So I don’t know why you think we keep saying that. It’s just flat out wrong.

  45. Anonymous says:

    Oh, my bad. I couldn’t really figure out the hierarchy of Microsoft execs.

  46. Anonymous says:

    Is this a joke? You can’t really be trying to pawn off some half baked 2 year old marketing article as a developer resource, are you? The developers out there who do work this on a daily basis know exactly how poorly IE has supported css for years now, and that no help is in sight other than from independents like Dean Edwards. The fact that you can’t fix the rendering problems in IE, or at least provide an adequate level of css support in recent IE patches, speaks volumes about how much you value those of us actually building the applications that end users see. It is becoming rapidly apparent to those of us in the development community who have been forced to code to a poorly implemented browser that we’ll have to reconsider this decision if this is the best we can hope for as alternate and superior browsers once again become freely available (know who I’m talking about).

  47. Anonymous says:

    There are lots of reasons for making software work the way it does. Some are technical and architectural, some are made for reasons of compatibility, others just out of ease of implementation. However, in recent times, by far and away the most important factors are ‘political’ business decisions.

    But the political decisions are important, even on a company level. Consider PNG alpha transparency support. There is a huge clamour for it by developers, and a complete lack of compatibility issues. It wouldn’t be hard to code, probably one coder-day at most. If you then ask yourself WHY it hasn’t been added, it becomes obvious that the decision has been made for political reasons (and rightly so). Why encourage PNG graphics to proliferate when its advocates are almost all open-standards fanatics? In fact, the best thing to do is to create a rival graphics format capable of transparency , which includes some recently patented image compression algorithms, and make it a Longhorn standard.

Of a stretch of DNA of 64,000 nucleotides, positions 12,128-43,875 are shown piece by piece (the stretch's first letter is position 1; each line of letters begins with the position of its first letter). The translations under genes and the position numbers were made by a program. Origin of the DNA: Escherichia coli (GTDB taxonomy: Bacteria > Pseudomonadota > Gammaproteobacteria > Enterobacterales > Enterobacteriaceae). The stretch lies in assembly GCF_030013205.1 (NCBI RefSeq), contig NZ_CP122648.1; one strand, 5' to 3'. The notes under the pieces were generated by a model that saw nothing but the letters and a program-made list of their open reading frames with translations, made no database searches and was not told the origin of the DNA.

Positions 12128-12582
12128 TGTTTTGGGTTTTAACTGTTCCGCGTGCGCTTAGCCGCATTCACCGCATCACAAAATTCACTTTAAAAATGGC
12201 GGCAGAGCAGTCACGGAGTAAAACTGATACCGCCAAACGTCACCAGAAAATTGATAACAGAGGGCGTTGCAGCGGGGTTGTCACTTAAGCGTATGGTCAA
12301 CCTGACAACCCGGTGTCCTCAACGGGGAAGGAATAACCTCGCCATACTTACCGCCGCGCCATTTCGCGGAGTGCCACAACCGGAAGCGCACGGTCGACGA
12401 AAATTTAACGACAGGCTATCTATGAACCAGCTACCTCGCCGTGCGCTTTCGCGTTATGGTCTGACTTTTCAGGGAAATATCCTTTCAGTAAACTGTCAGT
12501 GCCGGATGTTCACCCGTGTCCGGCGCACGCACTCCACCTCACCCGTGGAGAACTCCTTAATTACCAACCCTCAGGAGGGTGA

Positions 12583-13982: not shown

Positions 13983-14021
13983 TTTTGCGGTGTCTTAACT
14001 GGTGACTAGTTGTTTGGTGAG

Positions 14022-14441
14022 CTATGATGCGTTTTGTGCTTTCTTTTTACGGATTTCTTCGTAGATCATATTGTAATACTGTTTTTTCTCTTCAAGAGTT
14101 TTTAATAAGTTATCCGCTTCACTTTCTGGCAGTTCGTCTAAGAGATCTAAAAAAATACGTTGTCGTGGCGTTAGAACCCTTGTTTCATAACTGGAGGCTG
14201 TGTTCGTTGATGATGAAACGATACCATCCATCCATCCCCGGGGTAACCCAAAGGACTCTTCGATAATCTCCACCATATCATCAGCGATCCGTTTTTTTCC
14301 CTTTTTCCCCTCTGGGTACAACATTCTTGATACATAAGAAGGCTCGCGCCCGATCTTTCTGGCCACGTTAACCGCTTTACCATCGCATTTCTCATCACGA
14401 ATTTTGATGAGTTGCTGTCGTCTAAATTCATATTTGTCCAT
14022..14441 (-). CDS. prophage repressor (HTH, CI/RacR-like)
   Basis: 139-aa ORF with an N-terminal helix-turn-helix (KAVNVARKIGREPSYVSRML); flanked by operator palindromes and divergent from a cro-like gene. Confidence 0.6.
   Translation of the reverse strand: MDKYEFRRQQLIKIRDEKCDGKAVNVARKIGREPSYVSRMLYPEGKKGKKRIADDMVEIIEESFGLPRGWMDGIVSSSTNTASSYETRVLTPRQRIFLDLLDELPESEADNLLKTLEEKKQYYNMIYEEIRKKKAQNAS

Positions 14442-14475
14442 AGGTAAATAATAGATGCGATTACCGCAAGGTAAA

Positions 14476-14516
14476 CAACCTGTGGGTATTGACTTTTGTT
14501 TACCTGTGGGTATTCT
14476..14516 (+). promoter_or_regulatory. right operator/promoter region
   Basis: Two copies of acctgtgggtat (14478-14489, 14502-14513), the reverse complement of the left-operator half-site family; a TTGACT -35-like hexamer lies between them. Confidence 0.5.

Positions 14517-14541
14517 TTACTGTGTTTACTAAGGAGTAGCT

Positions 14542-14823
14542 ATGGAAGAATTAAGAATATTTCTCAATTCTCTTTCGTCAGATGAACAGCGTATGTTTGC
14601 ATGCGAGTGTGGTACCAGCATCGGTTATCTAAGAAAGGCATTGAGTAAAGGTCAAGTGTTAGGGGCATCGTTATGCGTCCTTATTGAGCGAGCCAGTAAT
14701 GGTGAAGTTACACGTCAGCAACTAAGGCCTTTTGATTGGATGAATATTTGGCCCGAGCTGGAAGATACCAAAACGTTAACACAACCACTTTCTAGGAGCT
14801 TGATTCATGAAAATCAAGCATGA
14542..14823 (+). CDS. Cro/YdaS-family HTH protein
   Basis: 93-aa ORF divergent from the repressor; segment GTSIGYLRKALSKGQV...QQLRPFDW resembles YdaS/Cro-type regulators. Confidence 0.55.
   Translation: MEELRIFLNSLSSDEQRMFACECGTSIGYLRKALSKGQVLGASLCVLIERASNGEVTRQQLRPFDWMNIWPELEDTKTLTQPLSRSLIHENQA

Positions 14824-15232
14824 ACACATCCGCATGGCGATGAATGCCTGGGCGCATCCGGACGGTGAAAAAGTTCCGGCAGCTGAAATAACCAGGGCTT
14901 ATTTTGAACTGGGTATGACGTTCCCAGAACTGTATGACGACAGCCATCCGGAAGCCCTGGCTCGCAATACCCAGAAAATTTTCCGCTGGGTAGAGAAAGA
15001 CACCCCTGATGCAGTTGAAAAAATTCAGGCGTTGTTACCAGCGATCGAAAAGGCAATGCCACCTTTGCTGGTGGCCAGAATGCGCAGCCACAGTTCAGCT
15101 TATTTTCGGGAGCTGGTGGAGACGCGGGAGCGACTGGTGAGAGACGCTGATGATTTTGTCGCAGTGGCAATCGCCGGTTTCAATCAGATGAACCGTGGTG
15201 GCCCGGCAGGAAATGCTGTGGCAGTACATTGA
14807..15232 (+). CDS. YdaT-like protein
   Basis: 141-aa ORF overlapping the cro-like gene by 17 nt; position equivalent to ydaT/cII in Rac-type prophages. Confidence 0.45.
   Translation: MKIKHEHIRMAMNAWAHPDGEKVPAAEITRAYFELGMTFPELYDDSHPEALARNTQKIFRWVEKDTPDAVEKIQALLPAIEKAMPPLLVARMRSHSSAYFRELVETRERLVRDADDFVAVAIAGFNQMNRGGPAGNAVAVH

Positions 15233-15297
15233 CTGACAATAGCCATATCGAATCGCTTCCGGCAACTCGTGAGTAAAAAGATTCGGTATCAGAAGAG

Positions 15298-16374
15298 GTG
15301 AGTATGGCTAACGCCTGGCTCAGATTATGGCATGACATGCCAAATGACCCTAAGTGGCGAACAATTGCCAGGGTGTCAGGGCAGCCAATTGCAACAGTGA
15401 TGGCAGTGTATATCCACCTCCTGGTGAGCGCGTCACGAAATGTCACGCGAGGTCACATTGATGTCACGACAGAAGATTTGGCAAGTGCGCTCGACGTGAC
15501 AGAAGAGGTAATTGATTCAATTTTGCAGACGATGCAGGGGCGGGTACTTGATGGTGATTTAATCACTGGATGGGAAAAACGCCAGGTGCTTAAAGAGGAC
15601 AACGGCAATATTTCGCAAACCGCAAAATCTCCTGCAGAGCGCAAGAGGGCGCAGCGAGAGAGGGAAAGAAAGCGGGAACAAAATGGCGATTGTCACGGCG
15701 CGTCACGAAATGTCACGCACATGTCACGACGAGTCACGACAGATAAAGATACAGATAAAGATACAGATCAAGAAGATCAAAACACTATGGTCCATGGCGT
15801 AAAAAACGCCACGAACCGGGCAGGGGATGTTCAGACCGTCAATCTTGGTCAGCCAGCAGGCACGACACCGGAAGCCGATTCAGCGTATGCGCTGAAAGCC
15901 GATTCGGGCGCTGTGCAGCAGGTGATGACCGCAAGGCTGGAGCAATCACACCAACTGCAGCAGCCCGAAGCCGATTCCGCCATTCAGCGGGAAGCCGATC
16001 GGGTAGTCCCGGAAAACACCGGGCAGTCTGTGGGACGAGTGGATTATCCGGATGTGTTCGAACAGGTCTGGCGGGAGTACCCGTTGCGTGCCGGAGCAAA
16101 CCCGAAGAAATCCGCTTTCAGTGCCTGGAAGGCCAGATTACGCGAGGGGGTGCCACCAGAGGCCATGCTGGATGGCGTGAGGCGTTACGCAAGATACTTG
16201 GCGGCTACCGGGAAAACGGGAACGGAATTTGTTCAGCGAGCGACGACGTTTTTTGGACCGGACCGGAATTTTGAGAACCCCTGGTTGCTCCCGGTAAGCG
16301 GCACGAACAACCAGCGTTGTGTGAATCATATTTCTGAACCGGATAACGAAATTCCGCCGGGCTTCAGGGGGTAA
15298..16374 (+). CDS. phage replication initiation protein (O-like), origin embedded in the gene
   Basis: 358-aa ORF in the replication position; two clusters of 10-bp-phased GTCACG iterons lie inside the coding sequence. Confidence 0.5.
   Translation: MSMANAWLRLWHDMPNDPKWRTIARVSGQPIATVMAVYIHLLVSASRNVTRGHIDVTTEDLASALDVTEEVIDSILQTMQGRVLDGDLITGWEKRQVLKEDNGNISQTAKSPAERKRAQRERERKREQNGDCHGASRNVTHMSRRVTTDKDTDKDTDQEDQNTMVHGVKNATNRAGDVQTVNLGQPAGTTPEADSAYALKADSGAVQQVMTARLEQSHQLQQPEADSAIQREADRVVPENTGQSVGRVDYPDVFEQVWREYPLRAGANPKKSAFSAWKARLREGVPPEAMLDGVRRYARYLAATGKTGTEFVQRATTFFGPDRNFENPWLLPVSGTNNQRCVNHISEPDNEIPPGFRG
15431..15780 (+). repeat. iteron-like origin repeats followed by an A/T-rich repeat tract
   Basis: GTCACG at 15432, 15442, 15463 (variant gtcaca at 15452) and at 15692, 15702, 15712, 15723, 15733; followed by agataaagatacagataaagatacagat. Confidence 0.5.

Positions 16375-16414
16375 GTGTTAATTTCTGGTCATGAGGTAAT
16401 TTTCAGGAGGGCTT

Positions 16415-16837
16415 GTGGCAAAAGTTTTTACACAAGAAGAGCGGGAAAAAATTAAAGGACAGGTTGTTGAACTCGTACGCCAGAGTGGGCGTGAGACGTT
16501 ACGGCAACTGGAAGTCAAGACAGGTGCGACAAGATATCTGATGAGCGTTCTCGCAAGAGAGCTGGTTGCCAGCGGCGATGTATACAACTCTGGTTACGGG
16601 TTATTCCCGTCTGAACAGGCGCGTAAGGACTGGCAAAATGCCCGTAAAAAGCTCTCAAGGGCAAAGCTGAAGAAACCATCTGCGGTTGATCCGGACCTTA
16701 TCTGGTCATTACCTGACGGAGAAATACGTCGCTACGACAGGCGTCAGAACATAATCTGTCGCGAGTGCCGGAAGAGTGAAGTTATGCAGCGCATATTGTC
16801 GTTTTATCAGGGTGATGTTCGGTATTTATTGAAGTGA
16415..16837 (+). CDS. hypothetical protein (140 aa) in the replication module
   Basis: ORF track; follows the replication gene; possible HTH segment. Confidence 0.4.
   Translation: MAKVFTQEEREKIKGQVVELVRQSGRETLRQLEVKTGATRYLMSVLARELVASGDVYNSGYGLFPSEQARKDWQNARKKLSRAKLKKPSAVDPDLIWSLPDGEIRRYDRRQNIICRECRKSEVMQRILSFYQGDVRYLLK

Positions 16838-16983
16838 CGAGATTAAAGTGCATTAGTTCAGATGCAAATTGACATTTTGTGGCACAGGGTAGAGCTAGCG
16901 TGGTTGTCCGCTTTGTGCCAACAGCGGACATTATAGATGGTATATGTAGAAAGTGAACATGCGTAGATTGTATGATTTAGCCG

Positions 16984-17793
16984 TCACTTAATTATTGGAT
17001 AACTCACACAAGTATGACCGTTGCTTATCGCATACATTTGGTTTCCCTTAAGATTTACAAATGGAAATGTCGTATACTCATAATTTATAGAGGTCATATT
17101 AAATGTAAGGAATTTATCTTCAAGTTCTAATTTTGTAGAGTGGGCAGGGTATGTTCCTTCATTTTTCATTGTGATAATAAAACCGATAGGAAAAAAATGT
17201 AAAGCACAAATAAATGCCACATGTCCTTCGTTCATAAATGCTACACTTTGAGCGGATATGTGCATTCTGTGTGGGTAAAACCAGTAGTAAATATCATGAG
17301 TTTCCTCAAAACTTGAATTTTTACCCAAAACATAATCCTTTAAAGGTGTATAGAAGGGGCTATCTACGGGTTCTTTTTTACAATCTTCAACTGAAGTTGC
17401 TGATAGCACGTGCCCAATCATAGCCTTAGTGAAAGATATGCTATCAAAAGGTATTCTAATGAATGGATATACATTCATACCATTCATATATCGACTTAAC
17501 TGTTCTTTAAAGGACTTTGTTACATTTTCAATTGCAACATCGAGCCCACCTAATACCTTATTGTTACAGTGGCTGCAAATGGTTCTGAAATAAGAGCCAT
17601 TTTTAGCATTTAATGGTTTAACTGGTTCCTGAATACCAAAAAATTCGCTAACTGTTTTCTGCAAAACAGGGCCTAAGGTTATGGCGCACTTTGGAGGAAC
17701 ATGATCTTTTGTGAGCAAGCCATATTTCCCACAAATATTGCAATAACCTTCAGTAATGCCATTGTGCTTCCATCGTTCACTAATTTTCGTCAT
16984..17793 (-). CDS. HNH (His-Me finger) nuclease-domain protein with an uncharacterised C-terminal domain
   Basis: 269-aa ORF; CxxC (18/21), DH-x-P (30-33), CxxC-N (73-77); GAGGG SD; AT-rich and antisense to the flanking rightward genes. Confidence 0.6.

CSS is a similar story, although in that case there are valid compatibility concerns too. Why make it easy for people to switch? MSDN provides perfectly adequate information for the de-facto standard, including all the improvements MS have made. If developers insist on coding to W3 instead of MSDN then it’s largely their own fault.

    It may not be ‘nice’, but you have to compete as hard as you can. It’s a little ironic that governments around the world see this sort of thing as ‘anticompetitive’, (of course, the fact that MS is incredibly successful, American, and has lots of cash on hand has nothing to do with it!) but there you go…

    I’ve been censured for my viewpoints on such matters before, so I’ll stop here and refrain from being too provocative!

  48. Anonymous says:

    Despite baseless assumptions to the contrary, implementing alpha PNG transparency isn’t "one coder-day at most".

    I completely agree that our lack of support for alpha transparency is a major bug for many webdevs, and something sorely lacking in IE.

    It’s not a simple bug fix, it’s a significant design change because of the way Trident renders pages. Lots of code change, lots of churn, lots of compatibility testing, lots of performance verification, so on and so forth. That doesn’t mean we won’t support PNG alpha transparency in the next IE. That’s one of the top developer requests (yes, I’ve seen the petition) and we aim to support things like top developer requests.

    Some CSS work is in the same catagory, although some issues probably are simple bug fixes. Others, believe it or not, are not bugs but valid interpretations of the W3C docs that simply differ from other browser’s implementations.

    And I deleted the post you refer to because it was way off topic (not about IE or even close) and excessively inflammatory. You talked about the monopolies, Firefox, the United Nations, Fallujah, and Christianity. Way too many hot buttons for one post. You can be off topic, and you can be inflammatory, but your post was too much of both.

  49. Anonymous says:

    Chloe: you are just too funny. I find it amusing that some of the commenters here are taking you as anything but a caricature of the close-minded Microsoft slave.

    Bruce: Your excuses are not fooling anyone. You have had 8 years to fix png. You could even fix it in your browser stylesheet with the directx filter rubbish if you could be bothered: your rendering engine has no real issues with transparency. The box model I’m willing to believe is an issue, but this…. Lets not pretend this is an issue of inability, but an issue of unwillingness. And stop complaining about having to do tests if you won’t even release betas.

    If you had the will to be standards compliant, you would have already fixed Trident, written a new engine, or adopted Gecko or KHTML. And it would be released for everything from W2K up.

  50. Anonymous says: